Much has been studied about the impact of employee engagement on a company’s financial performance, and there is a general consensus that increased engagement is a driver of productivity and profitability. Gallup’s research, for example, suggests a 20% or better boost to productivity and profitability for companies with high levels of engagement.4 In practice, our orthodontic clients routinely see 20%-40% increases in annual productivity depending on the maturity of the practice. It is clear that employee engagement has a number of implications for the health of an orthodontic practice. In Gallup’s State of the American Workplace, it was clearly shown that companies with high levels of employee engagement withstood the recession successfully, outperformed their competitors, and grew at a much faster rate with the economic recovery.5 It stands to reason that if we can weather economic downturns, improve employee retention, and increase patient loyalty, productivity, and safety, an orthodontic practice should be able to keep the bottom line more than healthy even, and maybe especially, in a complex and changing market.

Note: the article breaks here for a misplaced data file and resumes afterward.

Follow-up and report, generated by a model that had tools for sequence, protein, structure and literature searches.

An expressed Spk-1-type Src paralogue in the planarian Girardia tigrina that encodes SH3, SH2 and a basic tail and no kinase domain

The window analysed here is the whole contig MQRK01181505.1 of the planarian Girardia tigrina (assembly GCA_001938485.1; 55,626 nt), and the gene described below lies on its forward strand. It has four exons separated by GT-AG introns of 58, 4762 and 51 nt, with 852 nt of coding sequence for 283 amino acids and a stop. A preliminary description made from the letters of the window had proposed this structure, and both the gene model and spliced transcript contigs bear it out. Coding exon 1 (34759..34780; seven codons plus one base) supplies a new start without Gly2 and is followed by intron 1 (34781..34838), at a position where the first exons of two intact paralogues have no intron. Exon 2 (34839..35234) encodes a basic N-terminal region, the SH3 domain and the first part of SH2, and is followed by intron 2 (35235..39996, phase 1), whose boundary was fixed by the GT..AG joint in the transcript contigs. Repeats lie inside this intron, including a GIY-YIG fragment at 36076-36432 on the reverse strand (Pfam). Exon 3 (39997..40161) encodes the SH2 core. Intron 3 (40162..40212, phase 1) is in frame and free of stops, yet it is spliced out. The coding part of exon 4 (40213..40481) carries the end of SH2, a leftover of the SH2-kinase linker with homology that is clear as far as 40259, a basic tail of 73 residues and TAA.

If longitudinal research clearly shows the correlation between improved business outcomes and employee engagement, how do we increase engagement in the orthodontic practice? To achieve increased engagement, we first have to measure. We have to know where things stand to know where we want to go. Working with orthodontic practices across the country, we implement Gallup’s Q12 Assessment at the beginning of our work. Initial Q12 results give us a clear picture of how engaged the overall team is, and what its current impact is on the practice. We routinely find that orthodontists are measuring performance by the wrong standards. Without focusing on the correct performance measures, they can neither implement effective change nor improve key business outcomes. Once we have the correct metrics to assess, we can begin to strategically implement systems for positive change and measure over time.